The New International Language: Study reveals how bilinguals use emoticons to find consensus


No surprise and more can be found at


When bilinguals “code-switch,” or alternate between two or more languages, they are changing how they communicate with respect to the words they choose, while adhering to the idea they intend to share.


Research on Code-Switching in Bilinguals



Undertaken with the help of volunteer young adults in the UAE who speak Arabic and English, the work found that, when bilingual people change languages naturally, without being required to, the regions of the brain in charge of exerting control appear to not be involved at all. This result ties in with the perception of bilinguals that changing languages is not taxing.“I think the surprising part of the findings is the complete absence of these executive control demands in fully natural conversation or a fully free production [naming] task,” said Prof Pylkkänen.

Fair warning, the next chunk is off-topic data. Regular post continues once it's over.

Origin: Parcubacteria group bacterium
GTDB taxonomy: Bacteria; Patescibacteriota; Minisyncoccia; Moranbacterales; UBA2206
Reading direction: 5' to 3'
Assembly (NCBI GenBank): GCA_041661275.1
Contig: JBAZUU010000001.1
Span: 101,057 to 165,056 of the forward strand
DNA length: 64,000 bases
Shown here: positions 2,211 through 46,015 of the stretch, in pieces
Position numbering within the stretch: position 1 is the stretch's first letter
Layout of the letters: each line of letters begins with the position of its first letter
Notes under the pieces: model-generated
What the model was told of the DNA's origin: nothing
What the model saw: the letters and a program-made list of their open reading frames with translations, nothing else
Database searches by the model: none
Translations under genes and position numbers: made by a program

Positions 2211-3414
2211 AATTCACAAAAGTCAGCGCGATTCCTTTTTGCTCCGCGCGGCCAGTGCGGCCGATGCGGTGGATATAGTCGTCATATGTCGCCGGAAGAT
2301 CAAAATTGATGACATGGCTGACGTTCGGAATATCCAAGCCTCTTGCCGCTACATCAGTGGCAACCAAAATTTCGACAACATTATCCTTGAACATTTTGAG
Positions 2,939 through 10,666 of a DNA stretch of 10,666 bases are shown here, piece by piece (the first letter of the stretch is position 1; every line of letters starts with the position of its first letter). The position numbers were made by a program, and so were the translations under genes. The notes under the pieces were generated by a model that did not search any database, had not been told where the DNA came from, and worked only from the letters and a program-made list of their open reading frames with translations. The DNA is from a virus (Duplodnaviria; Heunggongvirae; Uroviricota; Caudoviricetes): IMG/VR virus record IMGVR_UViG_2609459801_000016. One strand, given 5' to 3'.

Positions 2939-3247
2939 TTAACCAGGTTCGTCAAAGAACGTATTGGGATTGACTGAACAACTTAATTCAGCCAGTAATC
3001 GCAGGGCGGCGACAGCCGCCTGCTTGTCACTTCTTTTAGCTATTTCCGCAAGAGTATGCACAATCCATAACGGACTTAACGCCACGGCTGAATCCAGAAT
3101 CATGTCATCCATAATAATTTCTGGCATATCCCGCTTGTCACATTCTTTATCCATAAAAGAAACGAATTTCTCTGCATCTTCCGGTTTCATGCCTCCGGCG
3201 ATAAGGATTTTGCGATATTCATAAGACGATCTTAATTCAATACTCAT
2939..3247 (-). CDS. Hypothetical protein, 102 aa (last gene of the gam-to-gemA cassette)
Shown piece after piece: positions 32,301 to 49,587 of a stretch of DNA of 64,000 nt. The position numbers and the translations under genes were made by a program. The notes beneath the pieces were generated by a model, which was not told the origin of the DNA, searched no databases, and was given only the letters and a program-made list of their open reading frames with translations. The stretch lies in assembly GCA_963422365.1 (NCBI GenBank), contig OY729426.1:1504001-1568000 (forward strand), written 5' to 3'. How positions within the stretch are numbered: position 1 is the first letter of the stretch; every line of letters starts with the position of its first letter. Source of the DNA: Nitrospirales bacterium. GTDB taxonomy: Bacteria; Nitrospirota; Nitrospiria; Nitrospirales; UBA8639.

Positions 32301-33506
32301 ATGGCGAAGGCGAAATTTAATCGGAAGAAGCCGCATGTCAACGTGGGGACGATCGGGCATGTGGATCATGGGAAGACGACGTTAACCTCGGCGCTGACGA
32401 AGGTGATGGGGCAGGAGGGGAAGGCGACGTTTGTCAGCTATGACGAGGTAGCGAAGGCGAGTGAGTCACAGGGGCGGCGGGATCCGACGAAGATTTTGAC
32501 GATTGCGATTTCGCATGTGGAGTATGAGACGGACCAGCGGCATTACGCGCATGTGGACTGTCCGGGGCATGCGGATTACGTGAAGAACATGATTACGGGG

More in How difficult is it for bilingual people to switch from Arabic to English? at

TED TALK on Code-Switching


Shared by one of my students
From Jamila Lyiscott: 3 ways to speak English

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